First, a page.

• 1922 â€" Filipino Nurses Association was founded.The FNA was admitted as member of the International Council of Nurses (ICN) in 1929.The FNA which was renamed Philippine Nurses Association (PNA) in 1962 continues to uphold its vision to uplift the ideals and spirit of the nursing profession in the country and to win for the profession the respect and recognition of the international community
  • 1923 â€" The Nursing Act of 1919 becomes effective and Ethel Gordon Fenwick is the first nurse registered in the UK.
  • 1923 â€" Yale School of Nursing becomes the first school of nursing to adopt the Rockefeller Commission recommendations for curriculum was based on an educational plan rather than on hospital service needs.
  • 1923 â€" Mary Breckinridge, the founder of the Frontier Nursing Service, travels 700 miles on horseback surveying the health needs of rural Kentuckians.
  • 1923 â€" The first Brazilian higher education institution of nursing, named after nursing pioneer Ana Néri, is launched in Rio de Janeiro by Carlos Chagas, aiming at implementing the "Nightingale model" nationwide.
  • 1925 â€" New Zealand attempted to have a nursing programme available at the University of Otago. (Crisp, Taylor, Douglas & Rebeiro, 2013)
  • 1926 â€" 20 July New Zealands's first sister was appointed by the board at Auckland hospital New Zealand.
  • 1929 â€" The Japanese Nursing Association is established.

1930s

  • 1931 â€" The Forgotten Frontier, a documentary about the Frontier Nursing Service in Kentucky, is filmed.
  • 1933 â€" Australian Capital Territory nursing registration commenced.
  • 1937 â€" Sister Elizabeth Kenny publishes her first book, Infantile Paralysis and Cerebral Diplegia: Method of Restoration of Function.
  • 1938 â€" The Nurses Memorial in Arlington National Cemetery is erected in Section 21 (the "Nurses Section") to honor nurses who served in the armed forces during World War I. Over 600 nurses are buried at Arlington.
  • 1939 â€" Registering of nursing aides commenced in New Zealand

World War II

  • 1939â€"1945 â€" Military and naval nurses from numerous countries serve outside their countries.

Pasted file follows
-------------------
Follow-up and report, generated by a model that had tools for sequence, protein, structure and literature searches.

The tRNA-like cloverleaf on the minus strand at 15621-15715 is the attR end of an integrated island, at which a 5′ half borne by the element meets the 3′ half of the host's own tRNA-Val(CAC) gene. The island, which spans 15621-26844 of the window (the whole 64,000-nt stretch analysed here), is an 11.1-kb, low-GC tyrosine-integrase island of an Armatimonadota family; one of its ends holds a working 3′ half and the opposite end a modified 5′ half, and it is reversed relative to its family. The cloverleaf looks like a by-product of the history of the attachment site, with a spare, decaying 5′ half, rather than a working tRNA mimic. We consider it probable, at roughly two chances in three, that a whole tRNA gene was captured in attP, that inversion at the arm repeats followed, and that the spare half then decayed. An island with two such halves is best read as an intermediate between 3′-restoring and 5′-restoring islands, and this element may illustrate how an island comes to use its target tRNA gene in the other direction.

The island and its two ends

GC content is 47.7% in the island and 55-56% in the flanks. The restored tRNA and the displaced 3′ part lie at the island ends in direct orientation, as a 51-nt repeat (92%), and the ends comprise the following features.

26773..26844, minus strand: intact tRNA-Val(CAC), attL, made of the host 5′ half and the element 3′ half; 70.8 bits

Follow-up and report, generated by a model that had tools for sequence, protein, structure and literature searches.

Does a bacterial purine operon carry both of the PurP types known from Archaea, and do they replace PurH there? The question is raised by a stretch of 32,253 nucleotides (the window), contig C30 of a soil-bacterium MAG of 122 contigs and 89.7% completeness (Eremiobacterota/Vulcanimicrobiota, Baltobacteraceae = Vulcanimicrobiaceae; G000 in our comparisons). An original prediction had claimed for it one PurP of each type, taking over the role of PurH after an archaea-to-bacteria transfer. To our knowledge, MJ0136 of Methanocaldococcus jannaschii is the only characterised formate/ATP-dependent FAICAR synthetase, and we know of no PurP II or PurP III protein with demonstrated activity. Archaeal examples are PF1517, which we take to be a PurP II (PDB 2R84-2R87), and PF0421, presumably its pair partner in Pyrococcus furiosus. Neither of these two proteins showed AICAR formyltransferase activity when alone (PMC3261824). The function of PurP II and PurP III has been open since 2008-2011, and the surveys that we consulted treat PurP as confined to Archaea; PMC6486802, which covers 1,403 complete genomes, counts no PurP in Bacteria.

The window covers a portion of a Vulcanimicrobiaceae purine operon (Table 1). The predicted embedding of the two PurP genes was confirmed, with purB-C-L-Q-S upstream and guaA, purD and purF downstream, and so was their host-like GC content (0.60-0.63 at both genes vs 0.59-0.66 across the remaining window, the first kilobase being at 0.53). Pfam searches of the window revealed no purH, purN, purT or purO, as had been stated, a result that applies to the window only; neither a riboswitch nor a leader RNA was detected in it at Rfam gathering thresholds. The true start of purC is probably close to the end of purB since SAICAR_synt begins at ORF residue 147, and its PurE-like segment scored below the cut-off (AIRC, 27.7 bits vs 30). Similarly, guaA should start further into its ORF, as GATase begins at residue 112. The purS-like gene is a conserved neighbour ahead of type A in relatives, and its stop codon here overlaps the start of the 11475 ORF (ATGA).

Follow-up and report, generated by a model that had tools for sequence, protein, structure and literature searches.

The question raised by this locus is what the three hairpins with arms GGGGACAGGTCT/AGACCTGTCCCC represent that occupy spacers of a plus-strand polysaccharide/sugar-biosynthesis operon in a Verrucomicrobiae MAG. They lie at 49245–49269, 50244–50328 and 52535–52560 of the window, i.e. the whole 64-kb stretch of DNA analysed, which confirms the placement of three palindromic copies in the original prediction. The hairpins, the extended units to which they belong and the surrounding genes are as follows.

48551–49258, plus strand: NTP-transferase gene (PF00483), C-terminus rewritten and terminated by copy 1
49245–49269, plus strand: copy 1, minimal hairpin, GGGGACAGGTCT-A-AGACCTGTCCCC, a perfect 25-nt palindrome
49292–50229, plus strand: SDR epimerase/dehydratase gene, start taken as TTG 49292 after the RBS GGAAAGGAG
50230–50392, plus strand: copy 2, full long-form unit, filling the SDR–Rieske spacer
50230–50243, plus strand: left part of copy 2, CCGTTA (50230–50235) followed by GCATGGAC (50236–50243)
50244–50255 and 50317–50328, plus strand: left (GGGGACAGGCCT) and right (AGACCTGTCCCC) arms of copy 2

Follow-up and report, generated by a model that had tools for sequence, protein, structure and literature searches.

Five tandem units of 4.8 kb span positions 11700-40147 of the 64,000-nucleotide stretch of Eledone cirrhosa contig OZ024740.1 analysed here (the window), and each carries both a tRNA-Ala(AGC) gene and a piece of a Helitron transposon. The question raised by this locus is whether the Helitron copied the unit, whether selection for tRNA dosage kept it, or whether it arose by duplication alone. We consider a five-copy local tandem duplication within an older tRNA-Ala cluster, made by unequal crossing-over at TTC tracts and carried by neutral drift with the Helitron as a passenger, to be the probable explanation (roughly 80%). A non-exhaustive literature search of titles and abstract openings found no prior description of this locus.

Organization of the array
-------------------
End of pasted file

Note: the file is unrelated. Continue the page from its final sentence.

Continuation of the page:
• 1941â€"45 â€" Over 59,000 American women serve in the U.S. Army Nurse Corps
  • 1941â€"45 â€" Over 11,000 women serve in the United States Navy Nurse Corps
  • 1942 â€" Banka Island massacre: Twenty one Australian nurses, survivors of a bombed and sunken ship, are executed by bayonet or machine gun by Imperial Japanese Army soldiers on February 16.
  • Australian Army Medical Women's Service (AAMWS) operates 1942 until 1951. Its nurses serve in military hospitals in the Middle East, Australia and, with the British Commonwealth Occupation Force, in Japan. In 1951, it merged into the Royal Australian Army Nursing Corps

1940s

  • 1942 â€" Beveridge Report recommends comprehensive health care funded through National Insurance.
  • 1943 â€" Mary Elizabeth Lancaster (Carnegie) is appointed the acting director of the Division of Nursing Education at Hampton Institute in Hampton, Virginia. Through her direction the first baccalaureate nursing program in the Commonwealth of Virginia is created.
  • 1943 â€" The southern state of Delaware was the first to admit the African American nurses to membership as a state nurses.
  • 1944 â€" Ludwig Guttmanns Spinal Unit at Stoke Mandeville was formally opened on 1 February with one patient and twenty-six beds.
  • 1944 â€" The first baccalaureate nursing program in the Commonwealth of Virginia is created at the Hampton University School of Nursing.
  • 1948â€" The first baccalaureate nursing program in the State of Alabama is established at Tuskegee University under the leadership of Dr. Lillian H. Harvey, Dean.
  • 1948 â€" The National Health Service is launched on July 5.
  • 1949 â€" Mary Elizabeth Carnegie is the first black person elected to the board of the Florida Nurses Association with the right to speak and vote.
  • 1949 â€" Formation of College of Nursing Australia.

1950s

  • 1951 â€" The National Association of Colored Graduate Nurses merges with the American Nurses Association.
  • 1951 â€" Males join the United Kingdom same register of nurses as females for the first time.
  • 1951 â€" National Association for Practical Nurse Education and Service (NAPNES) along with professional nursing organizations and the U.S. Department of Education created Vocational Nursing standards for education and the LPN / LVN level of nursing was created in the United States.